Marshall Lab receives Gates grant for genetics-based malaria mosquito control

Berkeley Public Health Associate Professor John Marshall, PhD, and Assistant Project Scientist Héctor Sánchez, PhD, have received an $800,000 grant from the Bill & Melinda Gates Foundation to support their lab’s work in genetics-based malaria mosquito control.

Malaria, the most devastating mosquito-borne disease, poses a major public health burden throughout much of the world. Novel genetics-based tools that can be shown to be safe and effective would be transformative in eliminating the disease and the suffering it causes.

John Marshall

Associate Professor John Marshall

“Malaria continues to be exceptionally difficult to eliminate with currently-available tools,” said Marshall. “Insecticide-treated nets and antimalarial drugs have succeeded in reducing the African malaria burden by about a half, but their impact has stagnated in recent years and new tools are needed. There is now growing recognition that the most promising new tools for malaria elimination are vaccines and gene-edited mosquitoes.”

“Before gene-edited mosquitoes can be implemented in the field, a lot of groundwork is needed,” Marshall continued. “Most important is the community engagement and regulatory work; but another key dimension of the project is modeling these interventions to understand what might happen at the population level. In this project, we will assess alignment of gene-edited mosquitoes to target product profiles that describe the minimum requirements for the technology to be used.”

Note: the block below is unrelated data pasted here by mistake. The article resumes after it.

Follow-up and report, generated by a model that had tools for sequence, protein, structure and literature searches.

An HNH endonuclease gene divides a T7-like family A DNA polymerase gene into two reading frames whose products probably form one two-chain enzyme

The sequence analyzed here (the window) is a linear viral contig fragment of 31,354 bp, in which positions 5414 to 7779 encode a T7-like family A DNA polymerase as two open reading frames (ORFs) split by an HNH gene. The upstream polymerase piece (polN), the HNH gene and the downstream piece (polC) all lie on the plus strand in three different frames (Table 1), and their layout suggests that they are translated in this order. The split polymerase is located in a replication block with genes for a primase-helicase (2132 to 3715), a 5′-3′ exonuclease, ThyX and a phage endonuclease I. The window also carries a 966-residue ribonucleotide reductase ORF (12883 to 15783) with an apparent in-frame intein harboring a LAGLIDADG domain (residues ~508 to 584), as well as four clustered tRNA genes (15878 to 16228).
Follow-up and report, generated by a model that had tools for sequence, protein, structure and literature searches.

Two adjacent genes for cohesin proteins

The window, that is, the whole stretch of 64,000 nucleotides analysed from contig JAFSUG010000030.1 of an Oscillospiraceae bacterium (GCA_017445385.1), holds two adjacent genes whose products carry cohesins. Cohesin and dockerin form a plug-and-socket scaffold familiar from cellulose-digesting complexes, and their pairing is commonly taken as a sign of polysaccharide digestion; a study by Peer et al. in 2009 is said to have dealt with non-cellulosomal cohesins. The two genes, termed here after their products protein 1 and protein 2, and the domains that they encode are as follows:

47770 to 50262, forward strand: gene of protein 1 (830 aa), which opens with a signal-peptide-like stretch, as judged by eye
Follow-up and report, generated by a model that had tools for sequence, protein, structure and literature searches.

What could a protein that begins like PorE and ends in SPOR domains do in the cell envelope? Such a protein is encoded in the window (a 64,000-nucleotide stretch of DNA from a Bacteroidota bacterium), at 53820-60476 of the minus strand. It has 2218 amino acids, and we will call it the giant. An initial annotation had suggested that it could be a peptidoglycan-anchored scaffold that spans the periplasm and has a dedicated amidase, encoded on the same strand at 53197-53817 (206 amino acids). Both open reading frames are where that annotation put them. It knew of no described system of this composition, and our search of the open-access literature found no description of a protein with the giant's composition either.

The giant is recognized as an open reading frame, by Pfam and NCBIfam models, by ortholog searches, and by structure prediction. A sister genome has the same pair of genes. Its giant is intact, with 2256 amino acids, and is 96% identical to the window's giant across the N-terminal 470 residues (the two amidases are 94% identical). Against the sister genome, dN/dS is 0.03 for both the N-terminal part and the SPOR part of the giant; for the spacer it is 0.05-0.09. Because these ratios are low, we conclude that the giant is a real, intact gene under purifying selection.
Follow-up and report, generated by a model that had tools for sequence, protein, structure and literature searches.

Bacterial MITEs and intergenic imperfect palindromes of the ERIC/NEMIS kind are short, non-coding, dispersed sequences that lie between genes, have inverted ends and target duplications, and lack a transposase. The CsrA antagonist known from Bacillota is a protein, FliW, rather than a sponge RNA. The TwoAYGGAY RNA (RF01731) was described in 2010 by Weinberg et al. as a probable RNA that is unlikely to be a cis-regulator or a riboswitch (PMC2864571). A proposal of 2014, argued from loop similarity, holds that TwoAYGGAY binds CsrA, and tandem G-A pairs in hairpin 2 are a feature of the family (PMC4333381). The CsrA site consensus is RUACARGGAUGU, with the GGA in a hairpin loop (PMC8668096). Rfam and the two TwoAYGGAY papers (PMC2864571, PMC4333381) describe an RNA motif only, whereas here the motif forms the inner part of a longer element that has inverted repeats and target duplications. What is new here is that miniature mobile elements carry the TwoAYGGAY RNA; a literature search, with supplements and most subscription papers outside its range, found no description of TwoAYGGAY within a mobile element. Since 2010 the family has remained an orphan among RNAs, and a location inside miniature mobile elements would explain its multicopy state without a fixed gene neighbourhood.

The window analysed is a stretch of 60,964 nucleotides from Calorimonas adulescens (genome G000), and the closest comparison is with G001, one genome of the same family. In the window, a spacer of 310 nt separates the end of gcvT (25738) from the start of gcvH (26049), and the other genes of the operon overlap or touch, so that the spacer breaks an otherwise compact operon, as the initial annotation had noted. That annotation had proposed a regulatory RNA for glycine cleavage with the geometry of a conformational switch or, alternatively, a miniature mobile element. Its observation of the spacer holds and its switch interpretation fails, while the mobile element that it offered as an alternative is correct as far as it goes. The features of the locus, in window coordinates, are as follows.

The funded work is a three-year project starting in July 2021. Thus far, Marshall, Sánchez and colleagues have developed a modeling framework, the Mosquito Gene Drive Explorer (MGDrivE). During the project period, researchers will continue to develop this software; develop standard operating procedures for monitoring and surveillance protocols; and address questions related to population suppression and modification of the major malaria mosquito species.

“This is a project that Dr. Marshall and I have been working toward for over four years now,” said Sánchez. “And it’s really exciting to have the support to help our work have real impact in the field. These new approaches to mosquito control could really be transformative for controlling a devastating global disease, and modeling these complex epidemiological systems is something that I find very rewarding.”

“Further down the line, monitoring and surveillance are expected to be cost-drivers for this technology, as the scale of implementation could potentially be regional,” said Marshall. “We will use modeling to design cost-effective monitoring and surveillance protocols to ensure that the technology is working as intended without negative effects.”

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